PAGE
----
“Every single word not absolutely needed may be dispensed with profitably.” - Operating An Amateur Radio Station (OARS pamphlet), CD-4(1/83), ARRL, Inc., Newington, CT, page17.

 

ITU PHONETIC ALPHABET

A

ALFA

J

JULIETT

S

SIERRA

2

TWO

B

BRAVO

K

KILO

T

TANGO

3

THREE (TREE)

C

CHARLIE

L

LIMA

U

UNIFORM

4

FOUR

D

DELTA

M

MIKE

V

VICTOR

5

FIVE (FIFE)

E

ECHO

N

NOVEMBER

W

WHISKEY

6

SIX

F

FOXTROT

O

OSCAR

X

X-RAY

7

SEVEN

G

GOLF

P

PAPA (PA-'PA)

Y

YANKEE

8

EIGHT

H

HOTEL

Q

QUEBEC (KAY-'BEK)

Z

ZULU

9

NINE (NINER)

I

INDIA

R

ROMEO

1

ONE

0

ZERO

 

FRAMES

A receiving operator needs to know where copy should begin and end. This is indicated by the sending operator using certain prowords to “frame” the individual message, the text, a message book, or individual parts of booked messages.

 



(See Single Message Voicing Example and Book Voicing Example.)


The “end no more” phrase is understood to indicate “OVER” which may be therefore dispensed with. The receiving operator copies all groups sent between the message, part, or text framing prowords except the prowords themselves.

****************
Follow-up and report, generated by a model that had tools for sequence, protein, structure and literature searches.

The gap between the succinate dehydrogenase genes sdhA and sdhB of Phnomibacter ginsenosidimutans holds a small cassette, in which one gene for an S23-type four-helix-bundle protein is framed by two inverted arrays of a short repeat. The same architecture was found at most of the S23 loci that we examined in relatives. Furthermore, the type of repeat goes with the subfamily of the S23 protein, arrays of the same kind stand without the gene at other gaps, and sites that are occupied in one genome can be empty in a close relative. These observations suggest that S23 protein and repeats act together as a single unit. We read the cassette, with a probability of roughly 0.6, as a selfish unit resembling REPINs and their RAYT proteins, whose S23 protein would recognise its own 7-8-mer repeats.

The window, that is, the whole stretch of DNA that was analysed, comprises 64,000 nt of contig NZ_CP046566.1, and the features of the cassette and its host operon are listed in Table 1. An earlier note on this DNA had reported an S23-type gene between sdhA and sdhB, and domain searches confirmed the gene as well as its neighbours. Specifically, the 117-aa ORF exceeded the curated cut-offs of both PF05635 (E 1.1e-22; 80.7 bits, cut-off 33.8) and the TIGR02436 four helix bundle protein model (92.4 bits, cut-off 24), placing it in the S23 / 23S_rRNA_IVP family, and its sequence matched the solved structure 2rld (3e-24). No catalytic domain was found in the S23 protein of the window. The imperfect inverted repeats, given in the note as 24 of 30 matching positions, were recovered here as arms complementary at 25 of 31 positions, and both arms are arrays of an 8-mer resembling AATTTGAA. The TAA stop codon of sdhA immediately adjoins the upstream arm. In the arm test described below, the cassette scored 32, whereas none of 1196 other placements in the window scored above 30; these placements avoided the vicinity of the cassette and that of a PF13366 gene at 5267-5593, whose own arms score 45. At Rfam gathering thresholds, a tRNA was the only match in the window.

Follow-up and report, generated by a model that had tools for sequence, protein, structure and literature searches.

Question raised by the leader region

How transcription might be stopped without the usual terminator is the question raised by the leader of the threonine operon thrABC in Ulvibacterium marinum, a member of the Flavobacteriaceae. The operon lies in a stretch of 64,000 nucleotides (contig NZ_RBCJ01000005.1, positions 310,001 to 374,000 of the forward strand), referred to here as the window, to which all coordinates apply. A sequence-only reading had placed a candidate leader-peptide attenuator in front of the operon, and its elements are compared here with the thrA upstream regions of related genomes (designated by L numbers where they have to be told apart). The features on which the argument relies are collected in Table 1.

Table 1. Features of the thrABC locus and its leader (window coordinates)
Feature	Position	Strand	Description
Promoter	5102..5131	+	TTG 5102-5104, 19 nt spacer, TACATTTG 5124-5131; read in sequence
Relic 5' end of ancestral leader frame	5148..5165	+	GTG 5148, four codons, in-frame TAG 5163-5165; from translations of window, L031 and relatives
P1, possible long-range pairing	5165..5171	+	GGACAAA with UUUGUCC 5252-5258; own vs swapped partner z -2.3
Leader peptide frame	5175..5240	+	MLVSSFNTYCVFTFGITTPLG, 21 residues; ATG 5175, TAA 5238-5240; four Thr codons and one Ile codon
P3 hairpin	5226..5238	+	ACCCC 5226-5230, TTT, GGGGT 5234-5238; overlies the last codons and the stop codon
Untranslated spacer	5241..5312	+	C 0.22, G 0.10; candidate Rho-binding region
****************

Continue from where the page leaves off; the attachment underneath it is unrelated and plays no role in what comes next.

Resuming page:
INTRODUCERS

Words used to introduce non-plain-text groups in the address, text and signature. Each group eligible for introduction or spelling is dealt with one group at a time. When voicing an introduced group (or preamble group eligible for introduction) the characters are each voiced one character at a time, letters phonetically. There is only one introducer used per group. (An additional introducer would indicate the beginning of a new group.) See also the special rules for Preamble Voicing.

 

Introducer

Example